Implacable tread, eerie atmosphere, attention to the minutest of details (such as quiet timpani figures), a wide dynamic range, and great significance applied to invention and incident that makes this performance so compelling – to an impassioned climax via scenic vividness and emotional protest, with a numbed envoi once the music’s peak has passed. That’s The Isle of the Dead, after Böcklin’s painting, viewed by Rachmaninov from a black-and-white print; following which Vocalise (Opus 34/14, originally voice-and-piano, orchestrated in 1919 by the composer) is rushed, as if a 33rpm recording were being played at 45 and with unfortunate loudness and gloss.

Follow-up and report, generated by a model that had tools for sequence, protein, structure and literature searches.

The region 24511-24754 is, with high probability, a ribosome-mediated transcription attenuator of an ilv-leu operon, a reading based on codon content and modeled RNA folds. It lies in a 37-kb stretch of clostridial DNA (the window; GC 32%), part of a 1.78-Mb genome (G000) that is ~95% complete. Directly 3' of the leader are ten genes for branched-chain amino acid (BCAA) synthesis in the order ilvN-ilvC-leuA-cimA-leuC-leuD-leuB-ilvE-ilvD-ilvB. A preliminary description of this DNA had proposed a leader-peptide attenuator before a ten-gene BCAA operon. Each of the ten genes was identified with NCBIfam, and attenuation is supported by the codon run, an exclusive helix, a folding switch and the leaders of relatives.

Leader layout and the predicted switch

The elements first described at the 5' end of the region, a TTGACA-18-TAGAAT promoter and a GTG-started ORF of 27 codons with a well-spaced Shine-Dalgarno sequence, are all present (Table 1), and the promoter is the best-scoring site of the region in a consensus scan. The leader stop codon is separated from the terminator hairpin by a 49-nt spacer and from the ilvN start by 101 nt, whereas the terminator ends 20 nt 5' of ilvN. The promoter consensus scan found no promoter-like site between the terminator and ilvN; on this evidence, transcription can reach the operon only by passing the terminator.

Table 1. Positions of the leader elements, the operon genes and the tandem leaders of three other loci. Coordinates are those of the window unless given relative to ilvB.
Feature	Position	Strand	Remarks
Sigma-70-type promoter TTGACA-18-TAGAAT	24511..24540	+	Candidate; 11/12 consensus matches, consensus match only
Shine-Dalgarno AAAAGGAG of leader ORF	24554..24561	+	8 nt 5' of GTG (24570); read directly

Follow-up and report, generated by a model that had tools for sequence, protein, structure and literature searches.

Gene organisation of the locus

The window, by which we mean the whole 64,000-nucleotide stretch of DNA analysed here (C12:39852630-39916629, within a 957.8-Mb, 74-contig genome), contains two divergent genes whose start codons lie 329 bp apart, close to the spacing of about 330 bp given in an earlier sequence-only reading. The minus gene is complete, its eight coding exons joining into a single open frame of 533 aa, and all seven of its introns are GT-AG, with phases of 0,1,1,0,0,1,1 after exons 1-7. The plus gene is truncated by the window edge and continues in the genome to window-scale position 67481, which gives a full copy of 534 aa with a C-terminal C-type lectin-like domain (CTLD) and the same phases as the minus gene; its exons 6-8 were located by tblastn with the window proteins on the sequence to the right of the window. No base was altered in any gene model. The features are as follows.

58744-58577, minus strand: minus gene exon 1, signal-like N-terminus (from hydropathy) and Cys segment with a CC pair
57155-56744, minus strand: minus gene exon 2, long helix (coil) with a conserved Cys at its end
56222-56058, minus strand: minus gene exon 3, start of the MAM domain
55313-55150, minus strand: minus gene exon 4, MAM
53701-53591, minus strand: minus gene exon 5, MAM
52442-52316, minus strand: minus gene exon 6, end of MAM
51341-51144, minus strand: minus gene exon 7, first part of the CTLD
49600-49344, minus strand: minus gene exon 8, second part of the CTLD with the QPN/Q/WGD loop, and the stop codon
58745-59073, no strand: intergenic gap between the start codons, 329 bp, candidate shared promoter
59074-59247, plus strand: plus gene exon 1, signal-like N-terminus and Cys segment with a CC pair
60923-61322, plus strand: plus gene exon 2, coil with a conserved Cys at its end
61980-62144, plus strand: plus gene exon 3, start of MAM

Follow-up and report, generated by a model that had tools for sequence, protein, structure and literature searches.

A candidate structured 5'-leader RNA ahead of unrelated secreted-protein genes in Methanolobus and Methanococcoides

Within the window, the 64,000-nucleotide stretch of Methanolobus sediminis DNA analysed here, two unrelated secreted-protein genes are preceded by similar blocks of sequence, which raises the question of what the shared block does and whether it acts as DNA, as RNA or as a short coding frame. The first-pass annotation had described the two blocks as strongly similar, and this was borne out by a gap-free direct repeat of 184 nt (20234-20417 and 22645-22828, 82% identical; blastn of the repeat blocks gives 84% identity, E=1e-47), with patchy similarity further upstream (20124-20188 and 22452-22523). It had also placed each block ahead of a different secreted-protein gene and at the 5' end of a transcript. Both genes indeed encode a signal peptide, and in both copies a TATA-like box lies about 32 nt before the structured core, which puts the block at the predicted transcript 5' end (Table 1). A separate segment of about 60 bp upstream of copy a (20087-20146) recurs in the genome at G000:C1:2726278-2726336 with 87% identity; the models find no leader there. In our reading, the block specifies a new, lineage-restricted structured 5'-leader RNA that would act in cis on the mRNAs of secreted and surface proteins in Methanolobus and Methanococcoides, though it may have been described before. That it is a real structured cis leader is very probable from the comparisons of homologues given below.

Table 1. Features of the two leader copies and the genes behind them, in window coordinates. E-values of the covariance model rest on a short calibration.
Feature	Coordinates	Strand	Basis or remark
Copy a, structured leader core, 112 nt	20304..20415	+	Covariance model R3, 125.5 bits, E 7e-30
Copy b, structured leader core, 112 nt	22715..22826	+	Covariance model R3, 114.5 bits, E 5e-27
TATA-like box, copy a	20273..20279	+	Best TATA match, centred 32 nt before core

The great Third Symphony (stunning music and superb orchestration for Philadelphia and Stokowski and recorded there by the composer) fares much better, although there are times when John Wilson can seem matter-of-fact or impatient, but he taps well into driven passages and anguished climaxes, such as inhabit the first movement (with exposition repeat, but also with what might be a bumpy edit at 13:55). The slow movement is beautifully done – nostalgic and yearning – the scherzo-like middle section finely poised, played with virtuosity, with Charlie Lovell-Jones’s violin solos later especially enticing; and if the Finale is just a notch too quick (even quicker on the opening material’s return), it is also emotive and (fugue) exciting and exacting, with the coda, led-off by a notable flute solo, chased by demons, unstoppable. Chandos CHSA 5297 [SACD], produced by Brian Pidgeon with demonstration sound engineered by Ralph Couzens, is released on November 4.